Crash teenager unlikely to recover

By Liz HearnshawTHE devastated family of a 16-year-old girl who was seriously injured in a horrific road accident have spoken of their heartbreak after doctors told them the teenager was unlikely to recover.

By Liz Hearnshaw

THE devastated family of a 16-year-old girl who was seriously injured in a horrific road accident have spoken of their heartbreak after doctors told them the teenager was unlikely to recover.

Deborah Parkes, who was thrown through a brick wall after she was involved in a collision with a van last month, has been moved from intensive care to a general ward at Addenbrooke's Hospital in Cambridge, but will suffer severe Her grandfather, Peter Parkes, spoke last night of the family's anguish since the accident, which happened in Red Lodge, and said Christmas would “mean nothing” without her home and well.

“Deborah has been put into a general ward, and they have told us they can't do anything for her. We have been told she is going to be severely brain-damaged and may not survive. It is so sad,” he said.


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“It has knocked the living daylights out of us - Christmas has no meaning at all for us this year.”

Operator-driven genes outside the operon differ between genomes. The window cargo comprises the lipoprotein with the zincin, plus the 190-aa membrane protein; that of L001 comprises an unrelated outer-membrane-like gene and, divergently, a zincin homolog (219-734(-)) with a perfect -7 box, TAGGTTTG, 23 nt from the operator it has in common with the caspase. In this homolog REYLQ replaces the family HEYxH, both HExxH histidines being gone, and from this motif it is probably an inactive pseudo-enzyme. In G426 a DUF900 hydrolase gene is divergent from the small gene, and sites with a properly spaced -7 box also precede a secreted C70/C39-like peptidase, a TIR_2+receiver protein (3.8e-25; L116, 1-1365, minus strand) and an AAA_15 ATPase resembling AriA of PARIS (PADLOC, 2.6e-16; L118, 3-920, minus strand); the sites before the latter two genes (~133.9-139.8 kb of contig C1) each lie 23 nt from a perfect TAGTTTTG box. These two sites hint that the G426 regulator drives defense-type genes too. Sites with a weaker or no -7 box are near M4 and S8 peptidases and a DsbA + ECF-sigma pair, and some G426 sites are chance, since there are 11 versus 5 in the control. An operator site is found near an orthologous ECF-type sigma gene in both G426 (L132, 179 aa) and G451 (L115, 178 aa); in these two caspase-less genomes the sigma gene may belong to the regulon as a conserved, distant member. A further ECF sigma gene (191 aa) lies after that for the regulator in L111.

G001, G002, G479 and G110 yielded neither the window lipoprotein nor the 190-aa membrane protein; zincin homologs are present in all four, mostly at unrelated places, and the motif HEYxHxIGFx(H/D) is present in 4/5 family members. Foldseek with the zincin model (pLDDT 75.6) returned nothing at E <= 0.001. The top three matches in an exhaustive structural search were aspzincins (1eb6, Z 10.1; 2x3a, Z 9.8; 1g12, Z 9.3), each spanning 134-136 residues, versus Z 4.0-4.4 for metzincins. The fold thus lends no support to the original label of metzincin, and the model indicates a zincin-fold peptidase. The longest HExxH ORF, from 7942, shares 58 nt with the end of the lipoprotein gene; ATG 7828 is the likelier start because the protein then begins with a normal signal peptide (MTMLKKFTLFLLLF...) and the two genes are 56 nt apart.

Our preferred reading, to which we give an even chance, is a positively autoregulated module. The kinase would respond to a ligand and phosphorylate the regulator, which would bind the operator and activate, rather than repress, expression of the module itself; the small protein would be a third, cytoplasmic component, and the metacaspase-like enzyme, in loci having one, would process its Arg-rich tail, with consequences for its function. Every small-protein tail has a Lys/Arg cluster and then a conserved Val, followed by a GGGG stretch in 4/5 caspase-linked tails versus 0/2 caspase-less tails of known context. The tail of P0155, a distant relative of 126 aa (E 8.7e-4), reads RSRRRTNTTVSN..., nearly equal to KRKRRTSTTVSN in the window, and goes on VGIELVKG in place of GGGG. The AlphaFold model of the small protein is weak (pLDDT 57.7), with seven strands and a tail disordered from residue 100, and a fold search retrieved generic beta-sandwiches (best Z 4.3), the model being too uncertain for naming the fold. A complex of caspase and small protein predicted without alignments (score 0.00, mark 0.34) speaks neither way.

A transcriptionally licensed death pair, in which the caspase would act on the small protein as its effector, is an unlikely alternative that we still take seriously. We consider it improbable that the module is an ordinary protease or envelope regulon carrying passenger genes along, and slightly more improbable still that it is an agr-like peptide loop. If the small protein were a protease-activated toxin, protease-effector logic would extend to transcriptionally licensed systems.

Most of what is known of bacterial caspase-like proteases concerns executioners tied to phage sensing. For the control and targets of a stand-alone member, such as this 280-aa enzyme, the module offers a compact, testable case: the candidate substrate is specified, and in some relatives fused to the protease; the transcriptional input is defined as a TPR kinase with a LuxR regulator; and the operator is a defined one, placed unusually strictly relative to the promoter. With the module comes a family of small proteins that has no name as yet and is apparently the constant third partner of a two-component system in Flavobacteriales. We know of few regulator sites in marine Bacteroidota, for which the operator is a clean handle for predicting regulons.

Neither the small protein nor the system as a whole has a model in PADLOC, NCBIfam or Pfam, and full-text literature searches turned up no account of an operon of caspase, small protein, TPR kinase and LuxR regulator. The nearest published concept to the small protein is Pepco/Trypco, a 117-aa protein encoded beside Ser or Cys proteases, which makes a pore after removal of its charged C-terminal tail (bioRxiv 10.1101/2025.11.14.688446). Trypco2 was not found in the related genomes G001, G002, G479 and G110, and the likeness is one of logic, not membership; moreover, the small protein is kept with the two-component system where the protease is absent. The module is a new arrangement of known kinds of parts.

Deborah suffered multiple injuries when she collided with the van as she walked to work at the Red Lodge Café.

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The former Newmarket Upper School pupil was left with serious head injuries, a fractured pelvis, a broken thigh bone and smashed ankle following the accident on November 17.

She recovered enough to squeeze her father Simon's hand at the end of last month, but contracted hospital superbug MRSA and infections about two weeks later.

Her family have been keeping a vigil beside her bed at the Cambridge hospital, where she was in a stable condition last night - but they have been hit with sadness after discovering poignant reminders of her plans for Christmas.

“When we look under her bed, she has all the presents she's brought for us and all the cards she has written to people,” added Mr Parkes.

“We will put them in the post because while she is alive she has a right to send them, but it is so heartbreaking.

“She is off the life-support machine and breathing on her own, but to hope she will come through the other side is grabbing at straws.

“She didn't deserve this. She is such a lovely girl. But the staff at the hospital have been brilliant and you cannot fault them.”

Deborah's accident stunned the close-knit community of Red Lodge, with truckers who use the café where the teenager worked particularly affected.

A group hope to hold a charity truck pull on December 27 to help raise money to care for the 16-year-old should she recover enough to leave hospital.

Staff at the café have also put together a scrapbook of cuttings and goodwill messages for Deborah's parents, Wendy and Simon.

liz.hearnshaw@eadt.co.uk

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